While representing an improvement over the currently-confused bailout/rescue plans, this kind of (Wall Street-Sponsored) bank nationalization would not be able to wipe out all of the worthless assets of the insolvent banks and bring about an effective economic recovery, as it would not break free from the fraudulent influence of powerful financial interests.

Only a swift and unadulterated nationalization that does not pay taxpayers' cash for gamblers' trash would be able to cleanse the badly tainted financial markets of the gamblers toxic assets, shorten economic pains and cut taxpayers' losses. By bringing the insolvent banks under public control (independent of the Treasury or the Fed that have abundantly proven to be representing the interests of Wall Street giants, not the people), this measure can then lead to the issuance of loans at reasonable rates by the thus nationalized banks, thereby unfreezing credit markets and rekindling investment and economic activity.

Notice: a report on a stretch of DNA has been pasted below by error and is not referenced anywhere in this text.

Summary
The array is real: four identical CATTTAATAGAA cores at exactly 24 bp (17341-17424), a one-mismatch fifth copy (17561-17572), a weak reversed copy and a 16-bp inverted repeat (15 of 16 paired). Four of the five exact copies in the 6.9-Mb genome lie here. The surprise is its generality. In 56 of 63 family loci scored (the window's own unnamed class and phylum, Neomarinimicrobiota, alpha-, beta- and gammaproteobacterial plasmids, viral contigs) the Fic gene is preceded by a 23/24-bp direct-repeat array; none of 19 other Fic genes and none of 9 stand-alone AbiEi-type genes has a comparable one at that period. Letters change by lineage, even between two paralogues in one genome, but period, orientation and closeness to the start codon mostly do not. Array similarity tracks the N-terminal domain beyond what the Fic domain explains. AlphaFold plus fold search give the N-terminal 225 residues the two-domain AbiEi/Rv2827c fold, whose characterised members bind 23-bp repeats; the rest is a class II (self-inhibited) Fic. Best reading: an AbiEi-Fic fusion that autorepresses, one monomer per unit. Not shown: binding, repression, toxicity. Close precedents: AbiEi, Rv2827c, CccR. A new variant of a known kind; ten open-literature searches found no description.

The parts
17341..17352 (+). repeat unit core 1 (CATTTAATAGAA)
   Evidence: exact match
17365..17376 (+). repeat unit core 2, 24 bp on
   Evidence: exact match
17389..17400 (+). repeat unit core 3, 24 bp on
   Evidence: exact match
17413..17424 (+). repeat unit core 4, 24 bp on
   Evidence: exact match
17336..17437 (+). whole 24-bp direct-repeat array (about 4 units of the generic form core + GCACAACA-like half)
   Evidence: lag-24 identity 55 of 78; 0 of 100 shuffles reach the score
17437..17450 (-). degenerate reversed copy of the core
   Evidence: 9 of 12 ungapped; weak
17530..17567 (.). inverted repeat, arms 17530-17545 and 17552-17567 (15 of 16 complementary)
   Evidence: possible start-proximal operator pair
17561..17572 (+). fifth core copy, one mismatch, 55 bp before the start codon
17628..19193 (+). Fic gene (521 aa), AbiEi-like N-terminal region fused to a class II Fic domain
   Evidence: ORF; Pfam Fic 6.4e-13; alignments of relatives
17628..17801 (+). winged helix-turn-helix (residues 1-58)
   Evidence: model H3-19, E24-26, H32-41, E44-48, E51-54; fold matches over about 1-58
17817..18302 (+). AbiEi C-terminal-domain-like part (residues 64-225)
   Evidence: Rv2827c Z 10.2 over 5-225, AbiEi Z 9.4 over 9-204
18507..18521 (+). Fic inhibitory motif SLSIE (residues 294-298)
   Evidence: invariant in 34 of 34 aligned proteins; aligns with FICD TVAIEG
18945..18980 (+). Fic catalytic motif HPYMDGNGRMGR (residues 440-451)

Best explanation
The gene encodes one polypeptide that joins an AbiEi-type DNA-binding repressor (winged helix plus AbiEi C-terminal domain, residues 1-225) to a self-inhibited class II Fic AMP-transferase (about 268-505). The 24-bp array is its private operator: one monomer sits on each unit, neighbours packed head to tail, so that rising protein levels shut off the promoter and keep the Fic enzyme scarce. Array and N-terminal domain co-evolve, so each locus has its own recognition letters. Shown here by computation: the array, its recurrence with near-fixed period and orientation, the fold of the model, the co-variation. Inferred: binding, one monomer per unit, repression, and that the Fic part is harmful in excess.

Furthermore, by allowing insolvent homeowners to pay affordable mortgage installments based on reduced or realistic home prices, this alternative would help citizens facing the specter of homelessness stay in their homes, thereby also gradually restoring trust in the mortgage market.

This type of nationalization of insolvent banks would, of course, require new politics on the part of the people who are suffering the most from the daunting economic hardship but do not seem to have a voice or representation in the fraudulent process of the bailout scam, which means the overwhelming majority of the American people.

The new politics has to go beyond the traditional channels of demanding change. It needs to draw upon the lessons of the protest movements of the 1930s that squeezed all kinds of economic guarantees and social safety net programs (known as the New Deal reforms) out of the Congress and the FDR administration.

The financial-corporate governments rarely, if at all, carry out grassroots-targeted reforms voluntarily. Only people pressure, pressure that would include a sustained and widespread protest movement, that is, pressure that would threaten the status quo, can bring about reforms that would benefit the grassroots.

Ismael Hossein-zadeh, author of the recently published The Political Economy of U.S. Militarism (Palgrave-Macmillan 2007), teaches economics at Drake University, Des Moines, Iowa.